We had lunch at Leeuwin Estate quite some time ago but I vividly remember it was wonderfully quiet. The lack of crowds and the foggy winter vineyards made pleasurable travelling in the dead of winter, even with the cold and rain. Inside the estate, a log fire was roaring and the generous wine tastings made everything extra cosy.
Waiting for the restaurant to open, we whiled away time in the cellar’s art gallery. Oak barrels hibernate next to artwork commissioned specially for the Leeuwin Art Series wine labels. The originals are displayed for visitors to wander through and appreciate. (There are also guided tours.) Whoever is the curator has an eclectic but great taste, ranging from abstracts to Aboriginal art (I especially love the one with lots of cows!).
Anyway, the lunch was rather fabulous. I won’t go into much detail about the food because the menu has doubtlessly changed by now. This will be more of a photo log… One thing that stood out was the surprisingly large serving sizes for the style and quality of food.
Lunch is served with a view over the famous Leeuwin lawn, surrounded by a mesmerizingly tall forest. Seated at narrow wood log tables, you get the feeling the art downstairs has transcended into the dining room. The food is local, sophisticated and focused in flavour, with delicious results.
Charcuterie plate of pork rillettes, sopressa, triple cream cheese, pate and cornichons.
This was a delicious rendition of a charcuterie plate. Surprisingly, it was fairly generous (enough for two!) compared to what you’d get in Perth. The sopressa was divine! Chunky and speckled with fat and aromatic spices, you could smell the flavour, let alone taste it. The pate was smooth as silk – swoon worthy against the butterfat. Last but not least was the Old Telegraph triple cream. Triple cream anything is going to be good – I’ve started looking for this cheese in the shops and I’m lactose intolerant!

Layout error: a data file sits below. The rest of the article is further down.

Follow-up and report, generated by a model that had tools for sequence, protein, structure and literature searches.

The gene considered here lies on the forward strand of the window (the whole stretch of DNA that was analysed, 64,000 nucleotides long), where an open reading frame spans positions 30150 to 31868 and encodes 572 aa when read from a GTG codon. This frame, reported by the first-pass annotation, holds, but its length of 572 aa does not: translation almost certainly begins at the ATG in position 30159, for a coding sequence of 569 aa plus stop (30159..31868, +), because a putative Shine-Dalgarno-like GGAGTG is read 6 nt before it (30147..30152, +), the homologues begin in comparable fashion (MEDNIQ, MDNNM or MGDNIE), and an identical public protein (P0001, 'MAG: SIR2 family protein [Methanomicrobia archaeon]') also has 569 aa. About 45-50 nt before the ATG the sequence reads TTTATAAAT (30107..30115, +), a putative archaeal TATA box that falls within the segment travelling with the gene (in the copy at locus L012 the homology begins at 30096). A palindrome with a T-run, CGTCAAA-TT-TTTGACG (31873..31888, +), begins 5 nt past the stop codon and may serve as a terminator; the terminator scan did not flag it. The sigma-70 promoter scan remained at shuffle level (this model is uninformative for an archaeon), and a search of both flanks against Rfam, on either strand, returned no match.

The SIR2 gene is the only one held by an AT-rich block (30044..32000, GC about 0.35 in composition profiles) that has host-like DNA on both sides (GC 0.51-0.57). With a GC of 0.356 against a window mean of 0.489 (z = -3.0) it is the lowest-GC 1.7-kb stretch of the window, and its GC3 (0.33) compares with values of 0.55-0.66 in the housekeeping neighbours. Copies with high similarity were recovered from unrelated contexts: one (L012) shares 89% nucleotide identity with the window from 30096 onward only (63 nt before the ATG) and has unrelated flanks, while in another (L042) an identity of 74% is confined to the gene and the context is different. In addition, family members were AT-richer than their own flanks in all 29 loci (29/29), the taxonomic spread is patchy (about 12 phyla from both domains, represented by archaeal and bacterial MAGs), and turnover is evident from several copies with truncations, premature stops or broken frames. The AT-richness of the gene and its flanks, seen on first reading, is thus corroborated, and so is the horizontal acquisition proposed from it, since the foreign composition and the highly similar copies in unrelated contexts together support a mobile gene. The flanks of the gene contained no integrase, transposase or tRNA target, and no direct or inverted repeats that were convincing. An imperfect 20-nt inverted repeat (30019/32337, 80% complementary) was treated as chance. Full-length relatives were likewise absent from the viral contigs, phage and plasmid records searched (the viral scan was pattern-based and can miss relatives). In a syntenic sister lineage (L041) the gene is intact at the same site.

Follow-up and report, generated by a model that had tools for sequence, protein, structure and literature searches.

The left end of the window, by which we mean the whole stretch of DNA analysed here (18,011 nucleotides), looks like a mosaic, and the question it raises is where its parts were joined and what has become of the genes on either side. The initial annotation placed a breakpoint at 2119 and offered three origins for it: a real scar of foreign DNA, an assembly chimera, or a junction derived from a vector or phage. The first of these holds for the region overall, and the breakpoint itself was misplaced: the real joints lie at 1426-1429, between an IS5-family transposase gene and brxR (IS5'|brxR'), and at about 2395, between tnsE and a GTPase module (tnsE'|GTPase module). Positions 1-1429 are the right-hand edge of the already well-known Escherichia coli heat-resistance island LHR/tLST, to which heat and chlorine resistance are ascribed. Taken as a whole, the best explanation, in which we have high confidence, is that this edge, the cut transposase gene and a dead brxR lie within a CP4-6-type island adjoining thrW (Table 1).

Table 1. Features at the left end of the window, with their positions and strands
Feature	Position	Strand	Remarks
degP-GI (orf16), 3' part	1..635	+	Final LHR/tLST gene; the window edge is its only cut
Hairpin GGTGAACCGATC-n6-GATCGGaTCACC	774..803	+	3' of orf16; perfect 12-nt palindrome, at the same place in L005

Smoky bacon and acidic sauce against the creamy brine of an oyster will remain an elusive combination for me. But these oysters were quite good as kilpatricks can be.
Rangers Valley grain fed scotch fillet with potato gratin and asparagus
Blame the only lens I had with me – I could not get a good shot of the steak to save my life! The steak was cooked to perfection and K not only got one steak, but two, maximising the scotch fillet’s caramelised marbled, fatty bits.
Something you should always eat (when available) down south is asparagus. Close to the source, the Margaret River region is privy to the freshest, fattest spears. We had a side dish of juicy asparagus, basted with truffled butterr – woohooo.
Grilled marron with citrus sauce and salmon roe.
I’m not sure which was better, the marron or the sauce, but this dish was the highlight of lunch. (Yes, even after that charcuterie plate.) Clean tasting against the pops of salmon roe, the marron slathered in buttery citrus sauce pulled out of its shell cleanly. By the end, I was pulling it apart, searching for hidden bits of flesh to smear against the sauce.
Baked alaska with a centre of coffee ice cream
Needless to say, baked alaskas can never do any wrong.
Lunch at the Leeuwin Estate in spring would be glorious – nab a table on the balcony beneath the pergola and enoy a brilliant, long, weekend afternoon. This is what the lawn looks like – the photo does not do it any justice.
Stevens Rd, Margaret River WA 6285
T: (08) 9759 0000
Open daily for lunch, Saturday evening for dinner.
Cellar door open daily 10am – 5pm
(Just read back the post… I said I wouldn’t go into much detail didn’t I? Oops.)
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